Make a good game? Check. Make your money back on the game? Check. That’s a success, right?
Gun Monkeys, a wicked fast one-on-one multiplayer action game with procedurally generated levels, comes from Size Five Games and was released on June 28 for $10. It’s received good reviews, players who try it seem to like it, and my time spent with it produced a thumbs up. Starting yesterday, though, it’s $5.99, and one purchase nets you a second copy, an offer retroactive to day one.
Turns out, there’s a good reason for that.
“So, Gun Monkeys needs players in order to play it,” said designer Dan Marshall, as he broke the news to his community. “You need other people milling around. At times, the servers are quite busy, you can quite happily play for hours. At other times, they’re dead, because everyone who owns a copy of Gun Monkeys is at work or at school or sleeping or playing Rogue Legacy. You have to sell HYPER-LOTS of copies in order for the servers to have anyone in them, triply so if you’re trying to get a game at 4am. This is a fact I now know that I didn’t really appreciate before.”
I tried to find a match at 6 p.m. CST, right around the time you’d think people would be hopping on and hanging out, and it took a good 15 minutes before I was able to get anything going.
While this isn’t the first multiplayer game Marshall has created--Gun Monkeys is actually a remake of his first game, Gibbage, from way back in 2006--he didn’t anticipate some curve balls. Given his pedigree as a designer, one well-known for the humorous adventure games Ben There, Dan That! and Time Gentlemen, Please!, he was surprised at how many people simply balked at the idea of sitting down and playing a multiplayer-only game for any segment of time.
“No matter how good the reviews were, it felt like people just had this reluctance to try it,” he said to me over email. “Which is odd, I wasn’t expecting multiplayer to be such a barrier anymore...”
Real talk: I know what kind of players he’s talking about. I’m not a multiplayer person, so even though I’m a fan of Marshall’s previous work, Gun Monkeys flew under my radar. By design, multiplayer requires more than yourself to have fun, which isn’t the case in, say, Rogue Legacy. Relying on others may have generated enough friction to cause Gun Monkeys serious problems.
“It's not so much resistance,” he said to me later. “I'm projecting on to people here totally, but to me it feels like maybe there's an added barrier with multiplayer games, an added level of setup that makes it just that bit more bother. I trimmed all that out as much as I could, you can be in a game in seconds, and because the levels are procedurally generated there's no arguments over which map or to play or whether or not everyone gets jet packs, or which variant you're playing. Its a surprise for everyone, BAM here's your lot, deal with it. But I guess there's no knowing that until you've played it. But yeah, it definitely feels, to me at least, like there's been a reluctance to get involved, and hopefully the change in price helps stop that.”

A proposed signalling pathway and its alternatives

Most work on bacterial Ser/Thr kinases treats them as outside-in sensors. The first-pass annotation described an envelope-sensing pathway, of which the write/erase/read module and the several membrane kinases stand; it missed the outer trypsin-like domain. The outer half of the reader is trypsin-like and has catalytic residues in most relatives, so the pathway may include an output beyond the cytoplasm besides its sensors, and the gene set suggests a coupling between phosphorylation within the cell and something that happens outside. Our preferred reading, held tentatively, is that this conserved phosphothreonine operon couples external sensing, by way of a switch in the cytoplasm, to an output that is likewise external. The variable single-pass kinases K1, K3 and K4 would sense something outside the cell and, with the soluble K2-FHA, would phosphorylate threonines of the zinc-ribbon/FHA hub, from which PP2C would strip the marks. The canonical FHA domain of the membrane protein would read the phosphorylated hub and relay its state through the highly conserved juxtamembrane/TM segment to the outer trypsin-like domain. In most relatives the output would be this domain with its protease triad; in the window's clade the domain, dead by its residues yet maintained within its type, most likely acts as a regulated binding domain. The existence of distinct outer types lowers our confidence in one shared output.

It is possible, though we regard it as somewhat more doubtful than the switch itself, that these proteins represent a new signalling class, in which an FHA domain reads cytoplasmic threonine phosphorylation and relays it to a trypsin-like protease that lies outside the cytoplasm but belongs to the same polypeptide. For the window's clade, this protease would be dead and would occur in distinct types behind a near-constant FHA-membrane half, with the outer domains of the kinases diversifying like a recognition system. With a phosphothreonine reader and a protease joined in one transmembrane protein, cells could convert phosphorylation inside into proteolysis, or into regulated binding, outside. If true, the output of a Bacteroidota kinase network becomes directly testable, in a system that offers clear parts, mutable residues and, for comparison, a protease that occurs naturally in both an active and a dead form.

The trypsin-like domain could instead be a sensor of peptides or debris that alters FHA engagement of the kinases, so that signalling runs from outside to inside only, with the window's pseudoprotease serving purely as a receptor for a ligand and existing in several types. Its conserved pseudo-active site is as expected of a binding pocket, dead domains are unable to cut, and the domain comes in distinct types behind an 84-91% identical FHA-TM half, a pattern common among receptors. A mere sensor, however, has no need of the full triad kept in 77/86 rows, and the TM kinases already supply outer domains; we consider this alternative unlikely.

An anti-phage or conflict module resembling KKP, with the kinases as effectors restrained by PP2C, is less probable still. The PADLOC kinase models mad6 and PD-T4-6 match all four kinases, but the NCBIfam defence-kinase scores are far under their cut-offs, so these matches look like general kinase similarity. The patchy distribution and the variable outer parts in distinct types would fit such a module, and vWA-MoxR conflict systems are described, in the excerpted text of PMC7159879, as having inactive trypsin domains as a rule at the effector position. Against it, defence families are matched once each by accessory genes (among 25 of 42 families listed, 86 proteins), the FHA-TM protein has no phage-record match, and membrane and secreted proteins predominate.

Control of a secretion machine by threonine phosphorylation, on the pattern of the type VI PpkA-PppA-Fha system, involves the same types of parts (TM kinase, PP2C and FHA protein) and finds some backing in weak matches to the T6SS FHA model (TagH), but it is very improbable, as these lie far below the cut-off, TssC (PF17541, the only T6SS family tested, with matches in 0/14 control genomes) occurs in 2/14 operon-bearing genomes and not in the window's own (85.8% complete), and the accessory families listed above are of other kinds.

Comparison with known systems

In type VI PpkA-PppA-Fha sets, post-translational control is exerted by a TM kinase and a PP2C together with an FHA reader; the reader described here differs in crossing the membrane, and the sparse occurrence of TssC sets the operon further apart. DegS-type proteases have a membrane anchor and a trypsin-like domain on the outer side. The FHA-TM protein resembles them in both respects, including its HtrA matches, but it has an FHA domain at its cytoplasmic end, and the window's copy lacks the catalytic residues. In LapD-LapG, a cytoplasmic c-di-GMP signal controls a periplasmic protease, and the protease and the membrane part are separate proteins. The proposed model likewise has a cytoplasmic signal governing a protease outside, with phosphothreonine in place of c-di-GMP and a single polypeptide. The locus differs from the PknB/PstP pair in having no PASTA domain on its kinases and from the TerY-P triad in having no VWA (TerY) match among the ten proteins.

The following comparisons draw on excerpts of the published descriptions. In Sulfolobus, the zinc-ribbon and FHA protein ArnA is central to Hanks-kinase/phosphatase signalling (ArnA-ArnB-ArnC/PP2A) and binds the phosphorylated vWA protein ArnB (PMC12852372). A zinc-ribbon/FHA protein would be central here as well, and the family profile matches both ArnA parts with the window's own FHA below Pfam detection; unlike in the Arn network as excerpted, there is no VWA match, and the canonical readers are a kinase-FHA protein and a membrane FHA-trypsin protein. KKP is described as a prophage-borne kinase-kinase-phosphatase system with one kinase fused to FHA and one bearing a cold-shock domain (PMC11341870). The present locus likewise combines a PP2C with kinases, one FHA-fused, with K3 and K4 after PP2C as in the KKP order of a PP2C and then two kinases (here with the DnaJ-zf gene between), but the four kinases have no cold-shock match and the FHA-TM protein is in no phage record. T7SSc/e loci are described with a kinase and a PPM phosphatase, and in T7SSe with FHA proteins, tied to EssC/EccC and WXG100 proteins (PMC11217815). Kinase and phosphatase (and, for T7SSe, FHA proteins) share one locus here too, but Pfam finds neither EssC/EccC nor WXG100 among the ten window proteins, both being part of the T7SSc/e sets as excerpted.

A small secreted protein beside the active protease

"Fuck it, let’s see what happens. The people who have bought the game and are enjoying it deserve for it to have a bigger audience so they can play more."
The game does not feature a single-player component of any kind, nor can players spend their time practicing against A.I. opponents. That request is a common comment he hears from players. If including bots was as simple as clicking a checkbox, he probably would have done it.
“'You should add bots' is the one I get,” he said. “As though adding AI to procedurally-generated levels is just a completely trivial thing! And yeah, goes completely against the core design, the very ethos of the game, which is this amazing, fraught, 1-on-1 experience you share with another person. Playing against a bot, no matter how lifelike, just doesn’t cut it. It’s a shared experience, that’s what makes Gun Monkeys magic, when someone catches you with a crafty bombs and a very rude word slips out of your mouth...there’s no replicating that offline!”
The lack of more things to do when another player around may remain a legitimate complaint for players, but without the option to build anything in a reasonable amount of time, Marshall was forced to examine the more realistic choices on front of him. The idea of letting down the players who did take a risk on his game seemed worse than holding steady and hoping for the best. Dropping the game’s price to nearly half its original asking cost was not a move he made lightly.
“So, I just did it,” he said. “Fuck it, let’s see what happens. The people who have bought the game and are enjoying it deserve for it to have a bigger audience so they can play more. It’s one of the magical things about being an indie dev: I’m making all this up as I go along, and I can make potentially-stupid decisions on a whim like that. I have no idea how it’ll turn out, isn’t it exciting?”
Shockingly, Marshall told me he's probably going to make a single-player game after this.